A top Federal Deposit Insurance Corp. official said the agency could have moved more quickly to find a buyer for Silicon Valley Bank after it failed last month, suggesting a lack of urgency worsened the crisis that sent tremors through the banking system.
Travis Hill, the FDIC’s vice chairman and one of two Republicans on its five-member board, said the agency was too slow in setting up a platform for potential bidders to look at SVB’s finances after its closure on March 10. The so-called data room allows would-be buyers to perform due diligence on a bank’s business.
Mr. Hill also said in a speech Wednesday that policy changes made by FDIC Chairman Martin Gruenberg might have hurt the regulator’s access to the bank’s data. He said it was a mistake to scrap a plan to develop a new reporting prototype aimed at providing the agency with more timely and targeted data about banks’ credit exposures and deposit information.
“This type of tool not only could help expedite populating a data room for a failed bank, it also would give the FDIC access to much higher-quality data to monitor broader trends, such as deposit flows in times of stress,” Mr. Hill said. “Unfortunately, this project was discontinued.”
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A spokesman for Mr. Gruenberg and the FDIC declined to comment.
Regulators took control of Santa Clara, Calif.-based SVB on March 10. The collapse sparked a panic that led to the weekend failure of Signature Bank and an intervention by financial regulators aimed at easing fears that depositors would flee smaller lenders.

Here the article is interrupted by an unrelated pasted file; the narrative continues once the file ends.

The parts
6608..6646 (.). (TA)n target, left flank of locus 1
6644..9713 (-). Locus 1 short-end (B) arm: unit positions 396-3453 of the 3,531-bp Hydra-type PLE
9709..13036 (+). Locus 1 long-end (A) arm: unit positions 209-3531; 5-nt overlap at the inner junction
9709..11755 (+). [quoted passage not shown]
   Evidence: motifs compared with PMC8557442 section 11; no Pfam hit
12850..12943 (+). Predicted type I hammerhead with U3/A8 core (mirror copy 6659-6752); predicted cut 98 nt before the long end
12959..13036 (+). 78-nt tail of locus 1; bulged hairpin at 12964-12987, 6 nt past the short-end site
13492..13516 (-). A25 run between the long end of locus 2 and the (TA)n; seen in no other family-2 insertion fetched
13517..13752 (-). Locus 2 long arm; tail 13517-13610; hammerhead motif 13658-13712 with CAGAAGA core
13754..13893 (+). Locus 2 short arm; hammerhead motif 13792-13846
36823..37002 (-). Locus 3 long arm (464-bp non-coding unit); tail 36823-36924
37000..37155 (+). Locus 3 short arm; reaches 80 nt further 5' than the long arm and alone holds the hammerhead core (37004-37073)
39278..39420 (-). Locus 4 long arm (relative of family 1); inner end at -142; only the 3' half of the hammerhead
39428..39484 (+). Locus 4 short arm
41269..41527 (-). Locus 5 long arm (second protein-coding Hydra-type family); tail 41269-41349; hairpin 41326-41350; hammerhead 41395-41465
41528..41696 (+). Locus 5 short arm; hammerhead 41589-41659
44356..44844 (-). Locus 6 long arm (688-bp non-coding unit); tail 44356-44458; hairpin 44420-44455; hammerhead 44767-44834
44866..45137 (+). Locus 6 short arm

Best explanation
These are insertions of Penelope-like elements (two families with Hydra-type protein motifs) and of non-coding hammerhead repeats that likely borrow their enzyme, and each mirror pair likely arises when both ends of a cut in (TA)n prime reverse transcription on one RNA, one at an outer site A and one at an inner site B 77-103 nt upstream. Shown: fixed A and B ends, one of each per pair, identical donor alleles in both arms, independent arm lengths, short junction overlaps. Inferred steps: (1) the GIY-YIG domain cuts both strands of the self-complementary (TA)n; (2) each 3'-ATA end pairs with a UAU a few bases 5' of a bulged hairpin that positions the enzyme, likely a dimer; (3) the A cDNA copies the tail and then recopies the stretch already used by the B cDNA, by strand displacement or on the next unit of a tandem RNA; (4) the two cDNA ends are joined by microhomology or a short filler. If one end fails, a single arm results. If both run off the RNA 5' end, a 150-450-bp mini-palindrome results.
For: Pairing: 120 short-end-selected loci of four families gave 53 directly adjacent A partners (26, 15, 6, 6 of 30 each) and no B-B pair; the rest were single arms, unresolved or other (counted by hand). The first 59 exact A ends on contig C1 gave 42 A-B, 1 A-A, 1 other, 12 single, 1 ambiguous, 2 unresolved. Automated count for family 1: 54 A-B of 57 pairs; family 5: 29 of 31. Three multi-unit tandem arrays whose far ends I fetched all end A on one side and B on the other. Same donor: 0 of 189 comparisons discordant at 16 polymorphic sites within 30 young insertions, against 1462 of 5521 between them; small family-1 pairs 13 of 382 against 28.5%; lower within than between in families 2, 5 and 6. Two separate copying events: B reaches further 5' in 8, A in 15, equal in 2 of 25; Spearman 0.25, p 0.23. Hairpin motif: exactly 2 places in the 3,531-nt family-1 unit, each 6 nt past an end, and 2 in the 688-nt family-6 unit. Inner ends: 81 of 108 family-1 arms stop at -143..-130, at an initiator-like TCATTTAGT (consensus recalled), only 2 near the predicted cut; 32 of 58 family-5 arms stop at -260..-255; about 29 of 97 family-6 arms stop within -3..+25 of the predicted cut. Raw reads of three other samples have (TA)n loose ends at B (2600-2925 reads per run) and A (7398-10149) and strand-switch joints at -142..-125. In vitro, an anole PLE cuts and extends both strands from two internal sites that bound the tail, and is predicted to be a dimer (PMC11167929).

More than two weeks after SVB’s rapid collapse, the FDIC sold most of the firm’s assets to First Citizens Bancshares Inc.
Some lawmakers have questioned why the FDIC didn’t sell SVB immediately after it failed, which they said might have allowed the federal government to avoid intervening to protect all depositors at that bank and Signature.
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In his speech Wednesday, Mr. Hill said that once SVB reopened March 13 as a “bridge bank”—created by federal regulators to manage the failed bank’s deposits and assets—the value of its franchise deteriorated rapidly as depositors withdrew funds and customers moved their banking relationships elsewhere.
“This underscores a critical lesson for regional-bank resolutions: Once the bank fails, the government must be proactive in finding an acquirer as quickly as possible,” he said.
The FDIC was pressed for time after SVB failed, people familiar with the matter have said. Eventually, officials ran out of time to close an auction for SVB before markets in Asia opened.
Mr. Gruenberg, testifying before Congress last month, said the FDIC received two bids to buy SVB the weekend it failed, one of which he said wasn’t valid because it lacked approval of the would-be buyer’s board. The FDIC determined that the other offer would have cost it more than liquidating the bank.
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The FDIC had more leeway to market SVB once regulators determined that the bank’s failure posed a systemic risk, allowing the agency to sell the firm with loss-sharing agreements and other deal sweeteners. After that happened, and firms had time to examine SVB, the FDIC received more than 27 bids from 18 firms, the agency has said.